Owners of performance animals too are turning to Propolis as a way of improving their fitness and performance.  One racehorse trainer in the North of England found that adding a mix of Propolis and pollen to his horses feed meant these sometimes delicate animals were less susceptible to the viruses which are common in racing stables.  Animals fed this supplement were less likely to go down with the equine equivalent of our coughs, colds and flu viruses. 





Two research projects carried out in 1980 at the Universityof Havanain Cuba, illustrated the anti-parasitic properties of Propolis. In these experiments rabbits were artificially infected with a number of parasites, including the protozoan parasite Elimeria.  In one experiment the rabbits were then treated with a two-three percent solution of Propolis administered in their drinking water.  Over a period of four weeks the rabbits showed an average of 80 percent reduction in the number of Elimeria occysts excreted.




In a Japanese study in 1990 Propolis was tested on rats artificially infected with the bacteria which cause dental caries.   The Propolis was found to have to have both anti-microbial effects and to inhibit the synthesis and destructive activity of sugars involved in dental caries.  No toxic effects were observed on the growth of the rats.




The Romanian researchers showed that Propolis as a feed supplement was of marked benefit to poultry.  The results were equally dramatic, with pullets putting on more weight than the controls despite eating 14 per cent less food.  In parrots it is useful for acute inflammation; post surgical treatment of papilloma and immunostimulation. From an avian aspect, propolis may prove to be a “gift from the Gods” because of its safe anti-viral and anti-bacterial potential. Its beneficial and safe action on the immune system may also prove it to be a valuable prophylactic. After all, prevention is better than cure. Also, because it contains a wide range of amino acids, vitamins and minerals, its possible value as a food supplement cannot be underestimated. Scientific research into the curative properties of propolis seems to be hampered because the substance has a very complicated chemical composition containing more than 160 known constituents which differ greatly due to variation in geographical and botanical origin. Nevertheless, one researcher has shown that caffeic acid phenethyl ester is one constituent which has shown encouraging activity toward tumour cells laboratory tests.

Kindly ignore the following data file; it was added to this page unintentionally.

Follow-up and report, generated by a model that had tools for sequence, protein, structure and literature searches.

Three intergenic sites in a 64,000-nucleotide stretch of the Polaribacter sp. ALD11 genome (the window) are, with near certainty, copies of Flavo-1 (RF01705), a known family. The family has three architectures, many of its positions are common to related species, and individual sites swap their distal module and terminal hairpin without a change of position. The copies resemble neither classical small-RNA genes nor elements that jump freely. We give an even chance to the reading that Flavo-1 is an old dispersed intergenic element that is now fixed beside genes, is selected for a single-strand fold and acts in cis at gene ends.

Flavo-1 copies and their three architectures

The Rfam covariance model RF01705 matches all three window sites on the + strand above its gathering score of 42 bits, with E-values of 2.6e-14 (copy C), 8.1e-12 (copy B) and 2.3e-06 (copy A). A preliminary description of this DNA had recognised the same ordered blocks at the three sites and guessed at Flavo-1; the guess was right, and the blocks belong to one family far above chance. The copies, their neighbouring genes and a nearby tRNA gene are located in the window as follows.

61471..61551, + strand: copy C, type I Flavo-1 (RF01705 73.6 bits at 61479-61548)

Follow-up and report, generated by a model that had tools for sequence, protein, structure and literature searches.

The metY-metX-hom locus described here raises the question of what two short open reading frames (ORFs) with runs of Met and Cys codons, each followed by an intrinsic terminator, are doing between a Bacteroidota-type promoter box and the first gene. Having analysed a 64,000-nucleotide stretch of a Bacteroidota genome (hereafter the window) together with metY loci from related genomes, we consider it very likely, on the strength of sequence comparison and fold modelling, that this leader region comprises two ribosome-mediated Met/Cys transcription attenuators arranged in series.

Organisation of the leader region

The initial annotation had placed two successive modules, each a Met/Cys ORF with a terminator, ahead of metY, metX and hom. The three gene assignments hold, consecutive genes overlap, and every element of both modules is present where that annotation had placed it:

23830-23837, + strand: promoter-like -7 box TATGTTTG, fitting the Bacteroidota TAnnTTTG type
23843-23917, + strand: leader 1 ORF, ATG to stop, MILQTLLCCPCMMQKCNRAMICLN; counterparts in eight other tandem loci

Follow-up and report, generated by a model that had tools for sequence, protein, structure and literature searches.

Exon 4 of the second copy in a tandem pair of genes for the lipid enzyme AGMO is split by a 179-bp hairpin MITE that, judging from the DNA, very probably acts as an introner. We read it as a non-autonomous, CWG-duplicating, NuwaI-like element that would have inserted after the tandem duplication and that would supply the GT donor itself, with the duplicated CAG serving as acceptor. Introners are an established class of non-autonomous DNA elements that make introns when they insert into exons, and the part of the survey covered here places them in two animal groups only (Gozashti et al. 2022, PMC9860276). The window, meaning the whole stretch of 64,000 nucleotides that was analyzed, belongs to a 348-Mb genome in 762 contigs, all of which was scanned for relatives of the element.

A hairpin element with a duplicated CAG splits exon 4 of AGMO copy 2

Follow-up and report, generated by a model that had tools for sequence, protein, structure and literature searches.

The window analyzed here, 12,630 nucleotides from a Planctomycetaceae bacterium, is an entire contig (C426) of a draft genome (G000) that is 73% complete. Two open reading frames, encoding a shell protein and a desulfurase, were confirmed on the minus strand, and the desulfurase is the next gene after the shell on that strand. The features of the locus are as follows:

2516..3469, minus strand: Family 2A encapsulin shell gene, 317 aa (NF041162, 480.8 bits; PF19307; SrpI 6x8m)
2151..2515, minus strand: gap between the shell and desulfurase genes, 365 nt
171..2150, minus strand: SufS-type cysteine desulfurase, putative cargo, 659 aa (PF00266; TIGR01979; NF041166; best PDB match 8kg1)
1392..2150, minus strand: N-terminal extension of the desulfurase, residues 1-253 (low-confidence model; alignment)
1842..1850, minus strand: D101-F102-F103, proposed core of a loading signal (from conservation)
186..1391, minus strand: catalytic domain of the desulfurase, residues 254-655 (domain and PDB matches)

Researchers inMoscowtreated 28 cows with mastitis.  The cows were put on a diet and the infected teats treated with a Propolis emulsion. Apart from one case of purulent mastitis the bacterial count in all the cows fell sharply after one or two treatments.  What was interesting in this treatment is that milking did not stop during the treatment.


Polish researchers successfully used Propolis to treat mastitis in 146 cows.  The treatment was completely successful in 125 cases, including all cases caused by E.Coli, Staphylococci and Streptococci. 


Romanian research described the treatment of 12 sheep with serious purulent wounds. After 12 – 14 days the Propolis treatment showed a strong healing effect.


The Uruguayan agricultural researchers used Propolis to treat sheep which, in previous years, had showed a very high incidence of foot rot.  They applied Propolis to the feet of 80 adult rams.  During the two years when the animals were treated around 20 per cent of the animals showed signs of infection but none of the sheep became clinical cases.




Propolis can be useful in the treatment of:-


Respiratory conditions

Skin disorders

Bacterial/ fungal infections

Parasitic conditions

Weight gain supplement

Reduces diarrhoea

Immune system booster

Digestive disorders